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php – Is it wrong to use curly braces after the dollar sign inside strings

Posted by: admin July 12, 2020 Leave a comment

Questions:

I am trying to understand what is the difference between the two possible syntax variations in complex variable syntax.
PHP allows for both variants:

$foo = 'bar';
$bar = "${foo}bar is allowed"; //or
$bar = "{$foo}bar is allowed";

There is no error/warning/notice generated when using either syntax. I have noticed no difference between the two, however PHP manual shows only the {$foo} variant.
Is it wrong to use the other variant? Would it ever cause me any problems?

How to&Answers:

${...} is a syntax for another purpose. It is used to indirectly reference variable names. Without string interpolation, literal names in curly braces or brackets are written as string literals, thus enclosed in quotes. However, inside interpolation quotes are not used outside curly braces:

$bar = 'baz';

echo $bar , PHP_EOL;
echo ${'bar'} , PHP_EOL;

$arr = ['a' => 1, 'b' => ['x' => 'The X marks the point.']];
echo $arr['a'] , PHP_EOL;

// interpolation:
echo "$arr[a] / {$arr['a']}" , PHP_EOL;

Instead of literals you can use functions as well:

function foo(){return "bar";}

// Here we use the function return value as variable name.
// We need braces since without them the variable `$foo` would be expected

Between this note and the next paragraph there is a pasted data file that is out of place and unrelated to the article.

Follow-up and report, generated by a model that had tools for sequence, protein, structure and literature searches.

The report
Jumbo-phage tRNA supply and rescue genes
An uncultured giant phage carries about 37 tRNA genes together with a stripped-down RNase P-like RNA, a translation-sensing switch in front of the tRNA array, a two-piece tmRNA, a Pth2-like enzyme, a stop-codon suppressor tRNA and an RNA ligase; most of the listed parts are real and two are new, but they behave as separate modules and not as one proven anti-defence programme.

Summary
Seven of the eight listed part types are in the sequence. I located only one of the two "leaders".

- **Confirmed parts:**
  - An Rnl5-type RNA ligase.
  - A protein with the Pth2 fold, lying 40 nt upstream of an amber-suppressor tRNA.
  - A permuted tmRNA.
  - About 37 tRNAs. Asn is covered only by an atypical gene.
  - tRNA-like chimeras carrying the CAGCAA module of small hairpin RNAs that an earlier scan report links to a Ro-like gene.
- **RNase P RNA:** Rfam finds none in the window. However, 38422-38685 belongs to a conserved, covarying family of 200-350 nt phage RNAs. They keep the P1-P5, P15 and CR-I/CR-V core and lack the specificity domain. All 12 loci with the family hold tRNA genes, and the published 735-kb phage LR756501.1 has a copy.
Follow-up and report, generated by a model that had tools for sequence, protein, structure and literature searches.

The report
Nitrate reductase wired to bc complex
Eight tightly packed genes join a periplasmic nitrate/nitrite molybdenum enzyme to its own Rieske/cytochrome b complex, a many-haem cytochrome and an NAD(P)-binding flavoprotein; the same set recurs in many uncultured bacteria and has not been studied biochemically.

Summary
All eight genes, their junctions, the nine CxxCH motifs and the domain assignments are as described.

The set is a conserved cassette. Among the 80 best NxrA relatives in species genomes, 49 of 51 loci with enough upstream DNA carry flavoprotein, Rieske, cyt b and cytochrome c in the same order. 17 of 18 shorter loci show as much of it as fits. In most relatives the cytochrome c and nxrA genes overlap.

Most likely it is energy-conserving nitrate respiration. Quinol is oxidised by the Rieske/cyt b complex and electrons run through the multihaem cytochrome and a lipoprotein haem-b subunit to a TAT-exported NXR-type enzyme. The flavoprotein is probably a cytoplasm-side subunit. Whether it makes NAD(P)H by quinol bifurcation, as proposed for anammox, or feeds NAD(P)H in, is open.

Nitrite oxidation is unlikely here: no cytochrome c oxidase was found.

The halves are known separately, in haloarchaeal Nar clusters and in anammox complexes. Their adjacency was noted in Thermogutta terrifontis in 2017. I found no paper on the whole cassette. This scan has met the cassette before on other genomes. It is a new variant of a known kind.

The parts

// to contain a callable

echo ${foo()} , PHP_EOL;

When interpolating, you need to enclose into curly braces only when the expression otherwise would be ambiguous:

echo "$arr[b][x]", PHP_EOL;       // "Array[x]"     
echo "{$arr['b']['x']}", PHP_EOL; // "The X marks the point."

Now we understand that ${...} is a simple interpolation “without braces” similar to "$arr[a]" since the curly braces are just for indirect varable name referencing. We can enclose this into curly braces nevertheless.

Interpolated function call forming the variable name:

echo "${foo()} / {${foo()}}", PHP_EOL;
// "baz / baz" since foo() returns 'bar' and $bar contains 'baz'.

Again, "${bar}" is equivalent to ${'bar'}, in curly braces: "{${'bar'}}".


As asked in comments,

there is another curly brace syntax to reference array keys.

$someIdentifier{'key'}

This is just an alternative syntax to PHP’s common array syntax $array['key'].

In opposit to the latter, on indirect variable name references the curly braces follow immediately after the $ or the object member operator ->. To make it even more cryptic we can combine both:

$bar['baz'] = 'array item';
echo ${'ba' . 'r'}{'ba'.'z'};

which is equivalent to echo $bar['baz'];

Really weird in PHP’s string interpolation: "${bar}" is valid and "${'bar'}" as well but not "$array['key']", "$array[key]" is valid instead, but both, "$array{key}" and "$array{'key'}", do not work at all.

Conclusion

It should be made a habit to use braced interpolation syntax all the time. Braced array key syntax should be avoided at all.

Always use:

"{$varname} {$array['key']} {${funcname().'_array'}['key']}"

See also PHP documentation:

(to distinguish from)

  • Variable variables (also known as indirect variable name referencing)

  • Accessing array elements

    Both square brackets and curly braces can be used interchangeably for accessing array elements (e.g. $array[42] and $array{42} will both do the same thing in the example above).

Answer:

It seems PHP is able to expand either format to reference the correct value in almost all cases.

The only difference I can find is when accessing object properties, eg

$foo = (object) ['a' => 'bar'];
echo "{$foo->a}bar"; // barbar
echo "${foo->a}bar"; // Parse error: syntax error, unexpected '->' (T_OBJECT_OPERATOR)

So with that in mind, I would avoid using ${...}.

See also Curly braces in string in PHP for more reference material on PHP strings.